Typical job interviews are started by recruiters asking a series of questions to see job seeker’s qualification. But in an informational interview, it will be the other way round. In an informational interview, job seekers will be the one who asks questions to obtain information of their preferred employers and/or job positions.

An informational interview is an opportunity to start a conversation with someone who works at a department that you’re interested in, or someone on your desired career path. Experts often refer it to ‘relationship building’ because this implies making authentic connections with people who could become friends, mentors, or maybe future colleagues. 

See also: Job vs. Career: Life-long Adventure after Graduation

Benefits of informational interviews 

Informational interviewing is effective for a college student looking to start their career. But it can be just as effective for mature adults who are in some form of career transition. Considering its major benefits (career exploration and networking), informational interviewing is designed for professionals at any career stage. Here are some other benefits: 

  • Obtain a great deal of information about your career field and the skills needed to do that job effectively. 
  • Gain a perspective of work that goes beyond the limitations of job titles, allowing you to see not only what skills are required for the job but also how you might fit into that work setting. Thus, you have greater flexibility in planning options.  
  • Get the opportunity to make personal contacts among management-level personnel.  
  • Gain insight into the hidden job market (employment opportunities that are not advertised).  
  • Become aware of the needs of the department and the realities of employment. First-hand and current information allows you to learn what happens on the job beyond the understanding provided through research.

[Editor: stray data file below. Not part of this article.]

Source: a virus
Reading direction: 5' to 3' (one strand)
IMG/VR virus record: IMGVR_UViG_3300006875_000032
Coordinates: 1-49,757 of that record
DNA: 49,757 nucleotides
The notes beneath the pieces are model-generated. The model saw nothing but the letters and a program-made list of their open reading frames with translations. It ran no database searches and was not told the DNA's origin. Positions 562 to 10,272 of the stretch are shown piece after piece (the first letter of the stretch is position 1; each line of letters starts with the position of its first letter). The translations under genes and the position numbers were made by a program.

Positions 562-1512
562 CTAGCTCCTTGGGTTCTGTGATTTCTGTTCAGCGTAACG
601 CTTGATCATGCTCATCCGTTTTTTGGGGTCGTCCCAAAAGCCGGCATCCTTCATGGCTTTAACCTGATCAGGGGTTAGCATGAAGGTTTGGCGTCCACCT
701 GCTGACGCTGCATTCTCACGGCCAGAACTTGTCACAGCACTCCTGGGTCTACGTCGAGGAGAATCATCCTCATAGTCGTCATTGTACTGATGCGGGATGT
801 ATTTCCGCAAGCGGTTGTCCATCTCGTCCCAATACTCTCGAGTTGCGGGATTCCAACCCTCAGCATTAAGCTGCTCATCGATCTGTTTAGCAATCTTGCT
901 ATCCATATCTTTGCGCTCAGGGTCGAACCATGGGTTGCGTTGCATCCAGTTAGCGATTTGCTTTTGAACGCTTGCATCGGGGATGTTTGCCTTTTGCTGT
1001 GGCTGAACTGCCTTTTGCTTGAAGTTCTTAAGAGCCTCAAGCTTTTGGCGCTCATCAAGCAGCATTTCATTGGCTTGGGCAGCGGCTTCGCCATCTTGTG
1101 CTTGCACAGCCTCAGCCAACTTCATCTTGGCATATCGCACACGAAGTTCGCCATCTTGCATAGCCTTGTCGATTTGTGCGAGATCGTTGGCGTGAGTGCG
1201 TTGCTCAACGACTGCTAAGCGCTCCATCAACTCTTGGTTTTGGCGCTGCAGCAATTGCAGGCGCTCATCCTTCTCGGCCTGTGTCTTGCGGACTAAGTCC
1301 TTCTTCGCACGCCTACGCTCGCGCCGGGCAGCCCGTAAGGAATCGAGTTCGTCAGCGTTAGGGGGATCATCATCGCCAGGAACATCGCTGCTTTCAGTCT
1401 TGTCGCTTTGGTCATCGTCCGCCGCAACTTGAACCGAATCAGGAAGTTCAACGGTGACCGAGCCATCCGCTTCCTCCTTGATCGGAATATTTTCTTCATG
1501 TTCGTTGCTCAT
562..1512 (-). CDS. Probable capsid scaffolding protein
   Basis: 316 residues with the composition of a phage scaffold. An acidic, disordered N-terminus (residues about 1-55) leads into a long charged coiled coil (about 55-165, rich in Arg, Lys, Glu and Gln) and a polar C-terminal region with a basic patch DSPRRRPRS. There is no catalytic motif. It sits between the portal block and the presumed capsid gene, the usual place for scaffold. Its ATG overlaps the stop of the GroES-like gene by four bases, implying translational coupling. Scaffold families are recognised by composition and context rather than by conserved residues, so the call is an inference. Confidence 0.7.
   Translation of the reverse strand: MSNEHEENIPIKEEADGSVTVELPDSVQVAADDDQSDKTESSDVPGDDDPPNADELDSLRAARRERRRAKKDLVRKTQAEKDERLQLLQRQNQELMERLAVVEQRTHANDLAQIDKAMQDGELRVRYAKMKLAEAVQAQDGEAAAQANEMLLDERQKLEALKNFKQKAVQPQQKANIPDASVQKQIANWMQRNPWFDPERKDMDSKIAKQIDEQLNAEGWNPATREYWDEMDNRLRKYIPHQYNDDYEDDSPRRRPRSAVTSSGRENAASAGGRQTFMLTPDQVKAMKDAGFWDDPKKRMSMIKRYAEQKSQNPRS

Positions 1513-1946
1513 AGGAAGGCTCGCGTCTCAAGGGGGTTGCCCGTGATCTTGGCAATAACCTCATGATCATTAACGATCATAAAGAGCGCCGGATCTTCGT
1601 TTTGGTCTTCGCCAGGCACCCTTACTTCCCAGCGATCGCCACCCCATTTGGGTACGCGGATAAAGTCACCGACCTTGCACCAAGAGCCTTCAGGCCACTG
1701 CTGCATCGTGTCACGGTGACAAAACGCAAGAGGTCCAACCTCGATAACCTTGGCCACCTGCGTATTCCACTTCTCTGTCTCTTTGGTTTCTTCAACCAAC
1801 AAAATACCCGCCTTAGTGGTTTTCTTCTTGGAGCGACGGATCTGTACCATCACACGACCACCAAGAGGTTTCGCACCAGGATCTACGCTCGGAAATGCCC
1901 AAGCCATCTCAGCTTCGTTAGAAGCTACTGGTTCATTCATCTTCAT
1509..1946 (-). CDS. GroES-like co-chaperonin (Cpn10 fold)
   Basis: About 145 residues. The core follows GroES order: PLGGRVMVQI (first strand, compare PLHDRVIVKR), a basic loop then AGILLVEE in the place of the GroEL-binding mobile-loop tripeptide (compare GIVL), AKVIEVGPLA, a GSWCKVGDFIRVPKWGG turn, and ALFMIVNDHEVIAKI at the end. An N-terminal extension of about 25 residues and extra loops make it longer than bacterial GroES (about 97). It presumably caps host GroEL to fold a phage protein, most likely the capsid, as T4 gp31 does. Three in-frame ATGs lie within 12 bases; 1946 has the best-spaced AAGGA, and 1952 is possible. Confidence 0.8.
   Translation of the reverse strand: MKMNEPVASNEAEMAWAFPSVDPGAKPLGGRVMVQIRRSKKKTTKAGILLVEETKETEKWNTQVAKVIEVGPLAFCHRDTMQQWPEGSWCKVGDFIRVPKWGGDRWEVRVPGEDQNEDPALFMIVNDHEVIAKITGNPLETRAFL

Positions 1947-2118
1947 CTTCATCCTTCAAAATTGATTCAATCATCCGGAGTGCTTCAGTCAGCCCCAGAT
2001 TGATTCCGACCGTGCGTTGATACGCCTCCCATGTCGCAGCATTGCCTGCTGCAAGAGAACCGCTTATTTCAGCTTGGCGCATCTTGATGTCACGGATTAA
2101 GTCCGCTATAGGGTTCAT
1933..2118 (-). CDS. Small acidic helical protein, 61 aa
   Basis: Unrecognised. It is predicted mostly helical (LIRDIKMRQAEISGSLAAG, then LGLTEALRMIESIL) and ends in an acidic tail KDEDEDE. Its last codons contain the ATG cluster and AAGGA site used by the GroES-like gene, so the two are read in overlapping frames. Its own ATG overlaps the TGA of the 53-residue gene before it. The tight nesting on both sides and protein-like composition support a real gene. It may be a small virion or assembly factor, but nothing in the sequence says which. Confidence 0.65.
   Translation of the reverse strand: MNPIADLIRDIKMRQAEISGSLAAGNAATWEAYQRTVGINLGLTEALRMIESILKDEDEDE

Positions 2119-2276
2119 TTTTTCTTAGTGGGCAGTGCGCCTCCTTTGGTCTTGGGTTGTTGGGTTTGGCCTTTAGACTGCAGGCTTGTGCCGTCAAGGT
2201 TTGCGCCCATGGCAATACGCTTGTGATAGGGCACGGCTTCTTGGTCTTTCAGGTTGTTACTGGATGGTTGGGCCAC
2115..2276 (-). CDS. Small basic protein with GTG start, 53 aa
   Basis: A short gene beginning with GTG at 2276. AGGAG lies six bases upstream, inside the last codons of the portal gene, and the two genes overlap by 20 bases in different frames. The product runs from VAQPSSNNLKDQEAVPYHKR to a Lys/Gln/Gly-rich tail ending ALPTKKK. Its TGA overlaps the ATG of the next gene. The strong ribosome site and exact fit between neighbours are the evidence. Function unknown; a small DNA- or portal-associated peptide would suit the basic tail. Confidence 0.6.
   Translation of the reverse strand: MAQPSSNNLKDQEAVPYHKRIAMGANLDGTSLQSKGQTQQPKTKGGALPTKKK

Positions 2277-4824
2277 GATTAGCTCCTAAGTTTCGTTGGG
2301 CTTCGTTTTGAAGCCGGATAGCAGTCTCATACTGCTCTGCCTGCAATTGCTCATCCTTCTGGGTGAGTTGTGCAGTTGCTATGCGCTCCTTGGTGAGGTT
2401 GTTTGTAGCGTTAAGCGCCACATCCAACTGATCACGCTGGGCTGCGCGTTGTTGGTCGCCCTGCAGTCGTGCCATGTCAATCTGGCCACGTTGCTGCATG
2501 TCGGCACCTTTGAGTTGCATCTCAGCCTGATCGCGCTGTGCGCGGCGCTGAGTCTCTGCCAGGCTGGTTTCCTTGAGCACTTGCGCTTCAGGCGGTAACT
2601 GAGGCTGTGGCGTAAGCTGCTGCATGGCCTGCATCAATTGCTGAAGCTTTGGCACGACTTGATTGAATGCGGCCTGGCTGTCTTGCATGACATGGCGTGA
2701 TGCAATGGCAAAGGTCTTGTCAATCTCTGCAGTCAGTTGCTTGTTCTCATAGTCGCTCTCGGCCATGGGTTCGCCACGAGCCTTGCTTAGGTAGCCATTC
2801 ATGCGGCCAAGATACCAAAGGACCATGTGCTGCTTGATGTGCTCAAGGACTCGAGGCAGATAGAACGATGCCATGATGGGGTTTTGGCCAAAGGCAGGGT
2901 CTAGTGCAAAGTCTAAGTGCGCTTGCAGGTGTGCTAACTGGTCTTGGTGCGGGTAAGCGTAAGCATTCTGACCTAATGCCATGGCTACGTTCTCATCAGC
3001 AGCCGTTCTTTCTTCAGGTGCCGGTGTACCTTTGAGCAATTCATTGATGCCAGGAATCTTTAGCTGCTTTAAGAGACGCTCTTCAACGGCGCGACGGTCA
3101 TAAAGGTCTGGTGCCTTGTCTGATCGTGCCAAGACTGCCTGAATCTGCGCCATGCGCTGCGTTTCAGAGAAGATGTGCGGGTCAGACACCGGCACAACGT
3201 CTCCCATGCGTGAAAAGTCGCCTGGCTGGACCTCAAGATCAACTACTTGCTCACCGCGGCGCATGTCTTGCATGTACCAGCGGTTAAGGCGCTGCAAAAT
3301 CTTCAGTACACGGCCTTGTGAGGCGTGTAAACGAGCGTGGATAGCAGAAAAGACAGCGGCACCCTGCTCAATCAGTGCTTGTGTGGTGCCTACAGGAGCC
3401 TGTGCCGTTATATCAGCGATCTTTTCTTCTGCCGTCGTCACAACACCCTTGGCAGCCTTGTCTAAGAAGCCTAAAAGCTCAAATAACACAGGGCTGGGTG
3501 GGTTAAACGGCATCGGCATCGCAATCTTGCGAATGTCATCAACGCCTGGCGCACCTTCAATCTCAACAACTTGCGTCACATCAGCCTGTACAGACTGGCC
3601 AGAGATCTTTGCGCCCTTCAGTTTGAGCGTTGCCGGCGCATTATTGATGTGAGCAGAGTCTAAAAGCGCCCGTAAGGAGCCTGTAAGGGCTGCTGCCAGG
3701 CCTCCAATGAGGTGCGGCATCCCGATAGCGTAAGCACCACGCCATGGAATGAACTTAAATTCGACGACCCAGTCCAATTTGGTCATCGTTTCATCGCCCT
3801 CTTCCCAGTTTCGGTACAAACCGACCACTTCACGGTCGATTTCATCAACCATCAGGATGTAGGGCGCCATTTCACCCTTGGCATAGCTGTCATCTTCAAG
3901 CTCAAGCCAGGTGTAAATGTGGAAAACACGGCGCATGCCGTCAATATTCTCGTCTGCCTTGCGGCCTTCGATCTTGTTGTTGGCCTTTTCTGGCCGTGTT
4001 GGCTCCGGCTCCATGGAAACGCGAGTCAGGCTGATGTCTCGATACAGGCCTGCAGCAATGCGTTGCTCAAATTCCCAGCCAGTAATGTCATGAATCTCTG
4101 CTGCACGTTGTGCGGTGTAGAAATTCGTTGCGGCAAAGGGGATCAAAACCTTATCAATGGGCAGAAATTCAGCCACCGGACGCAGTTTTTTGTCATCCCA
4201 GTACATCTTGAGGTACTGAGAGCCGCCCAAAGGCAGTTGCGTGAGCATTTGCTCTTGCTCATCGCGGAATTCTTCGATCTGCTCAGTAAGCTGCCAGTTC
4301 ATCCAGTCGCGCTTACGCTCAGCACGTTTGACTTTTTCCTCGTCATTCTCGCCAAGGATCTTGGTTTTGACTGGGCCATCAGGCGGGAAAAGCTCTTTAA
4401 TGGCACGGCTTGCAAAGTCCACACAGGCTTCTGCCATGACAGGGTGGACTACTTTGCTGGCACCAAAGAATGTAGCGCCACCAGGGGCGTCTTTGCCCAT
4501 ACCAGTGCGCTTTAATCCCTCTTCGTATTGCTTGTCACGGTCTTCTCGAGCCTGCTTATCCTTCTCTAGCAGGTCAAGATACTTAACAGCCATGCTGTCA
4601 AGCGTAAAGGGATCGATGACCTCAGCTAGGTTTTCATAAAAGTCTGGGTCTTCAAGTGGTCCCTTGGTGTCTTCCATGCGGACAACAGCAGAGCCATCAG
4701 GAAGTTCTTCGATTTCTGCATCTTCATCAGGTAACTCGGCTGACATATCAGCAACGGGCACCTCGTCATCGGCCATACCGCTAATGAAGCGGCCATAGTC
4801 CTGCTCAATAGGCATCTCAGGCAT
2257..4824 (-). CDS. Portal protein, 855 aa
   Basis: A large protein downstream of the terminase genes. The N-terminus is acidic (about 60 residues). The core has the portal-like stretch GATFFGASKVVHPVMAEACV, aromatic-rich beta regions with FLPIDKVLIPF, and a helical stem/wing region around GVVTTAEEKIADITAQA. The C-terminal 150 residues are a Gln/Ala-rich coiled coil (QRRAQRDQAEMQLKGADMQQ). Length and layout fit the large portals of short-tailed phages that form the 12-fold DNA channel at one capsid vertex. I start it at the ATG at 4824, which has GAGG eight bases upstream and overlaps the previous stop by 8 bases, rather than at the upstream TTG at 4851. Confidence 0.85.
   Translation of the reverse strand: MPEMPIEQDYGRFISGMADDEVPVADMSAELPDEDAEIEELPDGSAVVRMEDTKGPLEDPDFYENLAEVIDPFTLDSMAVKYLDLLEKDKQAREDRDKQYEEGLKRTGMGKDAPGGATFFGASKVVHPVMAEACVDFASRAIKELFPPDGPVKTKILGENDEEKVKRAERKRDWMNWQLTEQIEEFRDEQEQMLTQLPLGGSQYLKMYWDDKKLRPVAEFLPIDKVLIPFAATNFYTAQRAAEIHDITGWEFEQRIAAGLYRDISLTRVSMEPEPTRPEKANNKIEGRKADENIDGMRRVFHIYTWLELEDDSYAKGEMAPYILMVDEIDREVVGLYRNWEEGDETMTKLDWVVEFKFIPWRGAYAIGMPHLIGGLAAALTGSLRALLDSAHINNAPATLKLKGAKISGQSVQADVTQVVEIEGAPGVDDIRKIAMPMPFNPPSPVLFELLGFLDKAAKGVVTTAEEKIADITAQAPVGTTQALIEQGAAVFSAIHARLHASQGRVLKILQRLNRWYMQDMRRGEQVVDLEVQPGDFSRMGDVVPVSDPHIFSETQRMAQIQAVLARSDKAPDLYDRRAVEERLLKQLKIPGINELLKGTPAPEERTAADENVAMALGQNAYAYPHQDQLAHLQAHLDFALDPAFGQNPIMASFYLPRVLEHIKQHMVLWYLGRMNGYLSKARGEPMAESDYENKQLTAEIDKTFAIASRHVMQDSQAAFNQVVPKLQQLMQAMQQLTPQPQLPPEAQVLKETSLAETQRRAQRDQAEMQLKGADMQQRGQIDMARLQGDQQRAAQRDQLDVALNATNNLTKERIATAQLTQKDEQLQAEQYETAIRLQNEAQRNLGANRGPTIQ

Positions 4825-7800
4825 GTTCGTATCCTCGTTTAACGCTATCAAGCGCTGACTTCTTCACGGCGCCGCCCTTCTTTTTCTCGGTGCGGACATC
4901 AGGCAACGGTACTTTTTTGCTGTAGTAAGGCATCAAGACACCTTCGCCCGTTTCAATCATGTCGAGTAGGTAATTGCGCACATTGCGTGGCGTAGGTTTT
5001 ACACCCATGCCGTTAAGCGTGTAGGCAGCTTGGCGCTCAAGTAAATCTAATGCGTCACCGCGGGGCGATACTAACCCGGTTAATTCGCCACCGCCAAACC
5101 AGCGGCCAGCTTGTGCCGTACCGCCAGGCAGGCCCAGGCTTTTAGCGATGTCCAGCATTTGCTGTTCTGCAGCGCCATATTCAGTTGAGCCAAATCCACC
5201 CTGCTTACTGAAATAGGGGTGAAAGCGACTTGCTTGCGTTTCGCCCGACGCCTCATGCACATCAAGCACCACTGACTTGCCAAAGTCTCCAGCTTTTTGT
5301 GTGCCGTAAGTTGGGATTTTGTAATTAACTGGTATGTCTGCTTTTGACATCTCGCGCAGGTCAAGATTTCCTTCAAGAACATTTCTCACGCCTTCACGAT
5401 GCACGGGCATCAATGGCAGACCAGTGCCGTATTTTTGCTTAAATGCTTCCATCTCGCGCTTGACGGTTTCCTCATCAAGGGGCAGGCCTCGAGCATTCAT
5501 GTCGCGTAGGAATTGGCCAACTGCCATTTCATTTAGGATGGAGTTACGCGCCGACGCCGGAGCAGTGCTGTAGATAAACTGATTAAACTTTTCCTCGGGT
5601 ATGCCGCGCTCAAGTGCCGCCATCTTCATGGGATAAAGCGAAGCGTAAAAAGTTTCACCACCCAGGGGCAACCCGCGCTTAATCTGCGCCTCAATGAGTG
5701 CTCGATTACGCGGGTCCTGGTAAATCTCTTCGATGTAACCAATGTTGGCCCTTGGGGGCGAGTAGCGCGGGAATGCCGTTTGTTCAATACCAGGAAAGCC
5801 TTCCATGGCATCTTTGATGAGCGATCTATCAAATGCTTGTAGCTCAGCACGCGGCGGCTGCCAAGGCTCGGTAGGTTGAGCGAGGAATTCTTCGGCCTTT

• This exposure not only provides personal understanding but it could also result in your becoming a more impressive job candidate in the future.  
  • Informational meetings are comparatively low-stress because you are the interviewer. This is a great opportunity for you to gain confidence in talking with people while learning what you need to know.  
  • Because you are only asking for information, you are in control of the meeting; you decide which questions to ask. Later, evaluate the acquired information for personal use.  
  • It is an opportunity to learn whether you might fit into a particular organisation.
  • You can explore careers with someone who is actually performing the work you might want to do, thus allowing you to clarify your career goals.
  • You can obtain valuable feedback on your resume (and qualification in general), and help you determine what you need to do to make yourself more marketable for the career in question. 

Who to interview? 

Some tips for locating with whom to conduct informational interviews are as follows: 

  • Start with your current network, people you know personally. 
  • Search for professionals on LinkedIn. It is one of the largest databases of professionals in the world. 
  • Tap into professional and industry associations in your field of interest. They are great sources of career information – and contacts. 
  • Contact the alumni development office at your previous university, and colleges you have graduated from. They might be able to connect with alumni working in your field of interest. 
  • Identify the target companies you’d like to work for. Call them and ask for the names of individuals who occupy the careers of interest to you. Then, contact that person to request an informational interview. You can even connect to them on LinkedIn and use these connections to leverage an introduction. 

Read also: What to Do When You Hear Nothing from a Job Application?

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